The following slides show a hypothetical framework for operational-level raids against ISIS in Iraq and Syria (although it could also be used in other areas.) I call it Night Stryke. For the last ten years, U.S. Special Operations have been conducting raids against high-value targets, of which the attack against Osama bin Laden in Pakistan was most notable. These attacks, for the most part, were against individuals or small groups of people, perhaps a few dozen at most. Night Stryke envisions attacking ISIS facilities containing perhaps 100 fighters deeper than most of the attacks so far, and as proficiency increases, so would the prospective size of the target and the size of the attacking force that might ultimately be reinforced battalions or tailored brigades.
Below are the five facets of the intent of the raids. Because of their scope, both special and conventional forces would be required. Because the transportation is by air, attacks could be launched deep behind the forward progress of ISIS forces. U.S. combatants would be on the ground for only hours (maybe a day at most), leaving no residual footprint to attack. Finally, the ability to strike anywhere at any time would almost certainly add a disturbing psychological burden on ISIS veteran fighters as well as recruits.
The following is the center of gravity (in my opinion) for ISIS forces. Every battle plan must attack an enemy’s center of gravity or else it is wasted effort. You defeat this center of gravity by killing existing fighters and reducing new recruits. There are non-combat strategies, such as turning a majority of Muslims against the militants and encouraging Islam to conduct its own reformation to eliminate it’s warlike tendencies, but those are strategies for the diplomats; this is a strategy for the warriors.
You don’t “take out,” you don’t “degrade,” you kill the enemy in large numbers until you break his will to fight. It has been that way for millennia and despite a recent political penchant to fight bloodless wars, you have to be ruthless or the enemy will be. Additionally, striking the enemy throughout the operational depth of the theater causes the defender to try and defend everywhere, and it is a proven military axiom that he who would attempt to defend every where, adequately defends no where.
Here is the basic concept. Intelligence assets locate a remote ISIS site occupied by perhaps several dozen up to several hundred jihadist fighters — perhaps a logistical support area for ISIS convoys carrying oil, or an ISIS-controlled oil field. Special operations forces locate and secure a forward operating base that includes terrain on which C-17 airlift aircraft or other platforms can land. As this is 25-75 miles from the target, the ISIS defenders have no idea of an impending attack.
Airlift assets then land combat troops and vehicles, such as Strykers, and this force, perhaps a reinforced battalion, drives to, surrounds and begins to attack the enemy village. Using direct observation, they pinpoint targets for attack aircraft (fixed wing, helicopters, drones, etc.) Air platforms must serve as artillery in this fight because adequate ground artillery simply cannot be transported in enough quantity as they (and their ammunition) take up too much haul space. If the defenders manage a call for help, the same air assets can hammer ISIS columns trying to come to the rescue of their comrades.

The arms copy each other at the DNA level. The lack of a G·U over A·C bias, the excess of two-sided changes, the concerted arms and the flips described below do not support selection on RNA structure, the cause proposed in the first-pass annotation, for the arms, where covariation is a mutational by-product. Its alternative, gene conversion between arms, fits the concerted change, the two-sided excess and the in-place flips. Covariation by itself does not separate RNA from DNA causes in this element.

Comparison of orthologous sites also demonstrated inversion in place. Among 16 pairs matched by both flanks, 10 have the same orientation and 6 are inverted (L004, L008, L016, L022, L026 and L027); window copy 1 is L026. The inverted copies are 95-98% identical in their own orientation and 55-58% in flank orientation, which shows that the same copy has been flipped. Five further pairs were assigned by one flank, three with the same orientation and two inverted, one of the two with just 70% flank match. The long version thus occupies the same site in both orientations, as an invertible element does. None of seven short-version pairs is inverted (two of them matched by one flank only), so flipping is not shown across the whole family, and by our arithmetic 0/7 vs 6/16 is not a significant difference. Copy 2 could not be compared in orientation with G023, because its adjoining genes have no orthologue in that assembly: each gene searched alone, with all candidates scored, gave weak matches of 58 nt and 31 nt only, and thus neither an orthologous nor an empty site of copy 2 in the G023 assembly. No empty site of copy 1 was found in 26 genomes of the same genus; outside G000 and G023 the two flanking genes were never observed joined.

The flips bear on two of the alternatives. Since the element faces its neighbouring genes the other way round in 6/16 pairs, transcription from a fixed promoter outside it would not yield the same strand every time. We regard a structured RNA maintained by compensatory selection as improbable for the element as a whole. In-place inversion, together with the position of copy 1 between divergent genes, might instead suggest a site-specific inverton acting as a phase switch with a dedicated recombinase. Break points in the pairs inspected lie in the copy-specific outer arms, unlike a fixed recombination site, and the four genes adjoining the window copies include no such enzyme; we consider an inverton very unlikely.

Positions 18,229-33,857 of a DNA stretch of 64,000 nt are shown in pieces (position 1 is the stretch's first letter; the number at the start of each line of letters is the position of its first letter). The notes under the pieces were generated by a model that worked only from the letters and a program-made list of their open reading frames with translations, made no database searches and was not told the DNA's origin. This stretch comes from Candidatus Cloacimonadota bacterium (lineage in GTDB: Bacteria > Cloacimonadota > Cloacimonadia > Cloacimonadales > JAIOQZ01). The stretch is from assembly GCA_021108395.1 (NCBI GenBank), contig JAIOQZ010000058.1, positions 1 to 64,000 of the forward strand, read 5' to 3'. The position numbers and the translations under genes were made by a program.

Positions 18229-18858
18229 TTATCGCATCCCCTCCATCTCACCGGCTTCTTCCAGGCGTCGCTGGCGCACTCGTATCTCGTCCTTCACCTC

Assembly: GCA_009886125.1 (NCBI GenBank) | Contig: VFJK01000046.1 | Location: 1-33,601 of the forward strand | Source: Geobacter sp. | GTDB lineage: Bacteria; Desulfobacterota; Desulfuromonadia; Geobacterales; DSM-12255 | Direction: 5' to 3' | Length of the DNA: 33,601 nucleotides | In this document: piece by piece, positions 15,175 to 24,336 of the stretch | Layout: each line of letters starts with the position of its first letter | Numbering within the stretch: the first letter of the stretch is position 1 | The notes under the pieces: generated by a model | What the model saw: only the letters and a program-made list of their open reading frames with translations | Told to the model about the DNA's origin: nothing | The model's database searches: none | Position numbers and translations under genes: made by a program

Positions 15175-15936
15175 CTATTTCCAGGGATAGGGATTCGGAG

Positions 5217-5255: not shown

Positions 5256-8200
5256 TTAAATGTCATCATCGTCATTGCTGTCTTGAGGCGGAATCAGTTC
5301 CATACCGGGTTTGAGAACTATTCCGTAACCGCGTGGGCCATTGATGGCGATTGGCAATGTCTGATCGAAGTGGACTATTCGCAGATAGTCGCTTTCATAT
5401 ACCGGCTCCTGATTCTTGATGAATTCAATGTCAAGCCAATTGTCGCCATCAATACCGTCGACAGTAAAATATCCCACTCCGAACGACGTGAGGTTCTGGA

Once the ISIS force is eliminated — and the U.S. military simply must change its impotent rules of engagement if it wants to seriously prosecute this war — the force emplaces denial munitions and intelligence sensors to make enemy reoccupation of the facility dangerous. I would argue that the enemy dead should be removed from the target for “proper” burial elsewhere; such a disappearance would further degrade the moral of ISIS fighters who may have signed up to die for their caliphate, but may not have come to terms with disappearing for their caliphate. The ground strike force then rapidly returns to their FOB, boards their aircraft and departs for a secure base hundreds of miles away, perhaps even in another country. Any subsequent media inquiries as to what happened should be met with operational security silence.
How much lift we have available must be balanced against world-wide requirements. Conducting raids to achieve operational gains have been quite successful throughout military history, whether that was Union cavalry raids deep into the Confederacy, or the old Soviet Operational Maneuver Groups that terrorized German rear areas on the Eastern Front in World War II and that kept NATO war planners up at night for forty years in the Cold War. Time to get inside the enemy’s decision cycle, make him defend everywhere. And keep ISIS fighters up at night wondering which of their outposts will be the next one to disappear.
It has already worked at the tactical level and by purely special operations forces. In October 2015, U.S. and Afghan commandos, backed by scores of American airstrikes, attacked an al Qaeda training camp in the southern part of Afghanistan. The assault, which took place over several days, pounded two training areas — destroying elaborate tunnels and fortifications, and killing as many as 200 fighters. Because of the proximity to U.S. bases, C-17s were not needed.
It is time to take it up to the next level in size and scope. It is time to go deep against ISIS and use all special operations and conventional forces at our disposal in even larger raids.